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dc.contributor.authorJohnson, Erin
dc.contributor.authorCheney, Will
dc.date.accessioned2018-02-12T17:19:34Z
dc.date.available2018-02-12T17:19:34Z
dc.date.issued2018-02-12
dc.date.submitted04-JAN-2018 07:04PM
dc.identifier.urihttp://hdl.handle.net/10675.2/621721
dc.descriptionPresentation given at the 19th Annual Phi Kappa Phi Student Research and Fine Arts Conferenceen
dc.description.abstractIn today's ever-changing media landscape, the definition of quality journalism can be difficult to define. In an era where audiences want news faster, the responsibility of the 21st century journalist is greater. The current news model not only requires speed, but keeps the need for pinpoint accuracy. The purpose of this research is to define what constitutes excellence injournalism. The Louis Harris Award,is given annually by the Augusta West Rotary Club, beginning in 1979. Anaward presented annually to an Augusta journalist who exhibits excellence and provides a starting point for this study. The methodology involves tracking down and interviewing past recipients who are still living. For those who passed, we will find information from survivors, obituaries, papers left behind, and any other materials we can locate. The next step is building an index of traits the recipients exhibit that made them suitable for the award. To bring it all together, discovering what traits these journalists have in common and identifying a pattern, or essentially a common denominator, and whether this pattern has changed over the past 40 years as the practice of journalism has morphed from the objective, mass-society model to more of a political, niche model.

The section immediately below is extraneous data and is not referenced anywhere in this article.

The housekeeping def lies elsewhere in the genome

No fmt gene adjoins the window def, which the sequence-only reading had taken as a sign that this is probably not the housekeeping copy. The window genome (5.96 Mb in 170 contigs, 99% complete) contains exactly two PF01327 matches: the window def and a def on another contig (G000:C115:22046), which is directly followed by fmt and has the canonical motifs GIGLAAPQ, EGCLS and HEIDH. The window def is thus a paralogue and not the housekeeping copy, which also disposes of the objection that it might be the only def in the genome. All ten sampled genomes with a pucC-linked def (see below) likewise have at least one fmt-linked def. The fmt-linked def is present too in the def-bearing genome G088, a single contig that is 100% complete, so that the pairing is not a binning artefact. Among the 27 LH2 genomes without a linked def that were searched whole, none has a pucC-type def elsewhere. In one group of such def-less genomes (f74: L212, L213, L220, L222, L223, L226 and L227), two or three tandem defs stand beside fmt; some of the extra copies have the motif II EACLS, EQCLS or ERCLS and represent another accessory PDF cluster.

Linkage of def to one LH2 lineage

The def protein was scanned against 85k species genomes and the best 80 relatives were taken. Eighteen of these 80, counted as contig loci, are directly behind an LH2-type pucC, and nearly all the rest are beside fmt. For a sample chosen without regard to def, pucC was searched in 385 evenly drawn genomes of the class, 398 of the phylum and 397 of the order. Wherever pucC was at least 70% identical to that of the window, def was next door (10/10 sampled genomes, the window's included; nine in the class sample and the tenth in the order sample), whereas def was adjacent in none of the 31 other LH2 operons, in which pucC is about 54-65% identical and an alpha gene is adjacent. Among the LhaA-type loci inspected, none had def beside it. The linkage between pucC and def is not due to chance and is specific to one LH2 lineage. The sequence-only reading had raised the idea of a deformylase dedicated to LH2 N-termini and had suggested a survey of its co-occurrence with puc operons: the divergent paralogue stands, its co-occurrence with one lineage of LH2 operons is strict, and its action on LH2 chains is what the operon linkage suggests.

dc.subjectThe Louis Harris Awardsen
dc.titleThe Uncommon Type: The Journalist Learderen
dc.typeOral Presentationen
dc.contributor.departmentDepartment of Communicationen
dc.contributor.sponsorVanTuyll,Debraen
dc.contributor.sponsorDepartment of Communicationen
dc.contributor.affiliationAugusta Universityen
html.description.abstractIn today's ever-changing media landscape, the definition of quality journalism can be difficult to define. In an era where audiences want news faster, the responsibility of the 21st century journalist is greater. The current news model not only requires speed, but keeps the need for pinpoint accuracy. The purpose of this research is to define what constitutes excellence injournalism. The Louis Harris Award,is given annually by the Augusta West Rotary Club, beginning in 1979. Anaward presented annually to an Augusta journalist who exhibits excellence and provides a starting point for this study. The methodology involves tracking down and interviewing past recipients who are still living. For those who passed, we will find information from survivors, obituaries, papers left behind, and any other materials we can locate. The next step is building an index of traits the recipients exhibit that made them suitable for the award. To bring it all together, discovering what traits these journalists have in common and identifying a pattern, or essentially a common denominator, and whether this pattern has changed over the past 40 years as the practice of journalism has morphed from the objective, mass-society model to more of a political, niche model.


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